Categorized | National News

Clash Over Bahamas’ UN Vote

United People’s Movement Leader and Marco City MP Greg Moss has sounded off on the government for its vote at the most recent United Nations General Meeting.

Mr. Moss in a statement through his recently founded party said they condemn the affirmative vote of The Bahamas at the United Nations General Assembly on the 19th of December to support the appointment of an independent expert on protection against violence and discrimination based on sexual orientation and gender identity.

Professor Vitit Muntarbhorn was appointed as the independent expert for the resolution.

Mr. Moss added that Professor Muntarbhorn is an ally to the International Lesbian Gay, Bisexual Trans and Intersex Association (ILGA) and is not an independent expert.

He added that the actions of the PLP government in supporting the appointment of the professor is an affront to the Christian values and culture of the Bahamian people and their sound rejection of the gay rights agenda in the June 2016 referendum.

Vehemently refuting this position was noted LGBTI activist Erin Greene who said that his thinking doesn’t necessarily represent that of the wider Bahamas.

“I think it’s erroneous to presume that the majority of Bahamian people agree with his position, I think significant progress has been made, I think Bahamian’s don’t generally agree with their positions.

“I think if Bahamians understood the mechanism or it was clearly explained to them they would support it as they don’t generally support violence against any Bahamians, and certainly LGBTI Bahamians,” Ms. Greene said.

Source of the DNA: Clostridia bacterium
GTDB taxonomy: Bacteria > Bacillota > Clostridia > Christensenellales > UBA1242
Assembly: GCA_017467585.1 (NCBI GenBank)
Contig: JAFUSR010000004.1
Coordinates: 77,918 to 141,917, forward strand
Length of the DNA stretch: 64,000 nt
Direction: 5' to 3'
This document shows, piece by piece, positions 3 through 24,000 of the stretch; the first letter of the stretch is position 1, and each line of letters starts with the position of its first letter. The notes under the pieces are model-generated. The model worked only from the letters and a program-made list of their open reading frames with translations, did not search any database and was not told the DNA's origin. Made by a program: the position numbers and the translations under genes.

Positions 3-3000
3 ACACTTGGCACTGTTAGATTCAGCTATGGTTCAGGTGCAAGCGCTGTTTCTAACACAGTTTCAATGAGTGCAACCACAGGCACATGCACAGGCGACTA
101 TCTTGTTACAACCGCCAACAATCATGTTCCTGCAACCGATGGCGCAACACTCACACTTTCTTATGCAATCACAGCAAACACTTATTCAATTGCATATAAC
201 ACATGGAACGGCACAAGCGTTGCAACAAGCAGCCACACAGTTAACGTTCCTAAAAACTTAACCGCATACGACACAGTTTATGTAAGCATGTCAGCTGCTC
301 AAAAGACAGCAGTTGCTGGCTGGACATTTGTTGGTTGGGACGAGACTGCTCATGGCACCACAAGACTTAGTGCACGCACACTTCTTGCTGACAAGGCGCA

Ms. Greene went on to acknowledge the government’s efforts in the recognition of international human rights, referring to their stances over the years as “LGBTI Neutral” adding that more could be done on the Homefront as far as legislation is concerned.

“I want to express not gratitude but acknowledge that our government continues to support international human rights protocol and I encourage them to do the same with domestic legislation.

“It’s unfortunate that these group of Bahamian pastors are unwilling to acknowledge that these LGBTI Bahamians are also citizens and are forced to live in a country rife with systemic and institutionalized homophobia,” Ms. Greene said.

Local pastors previously raised concerns over the position of the Bahamas’ UN vote, Pastors Cedric Moss, Alfred Stewart, and Lyall Bethel, in a letter to Foreign Affairs and Immigration Minister Fred Mitchell, said while they denounced cruelty against all persons, they were concerned that the words “violence” and “discrimination” were being distorted to mean any view that does not support the lesbian, gay, bi-sexual and transgender community.

Written by Jones Bahamas

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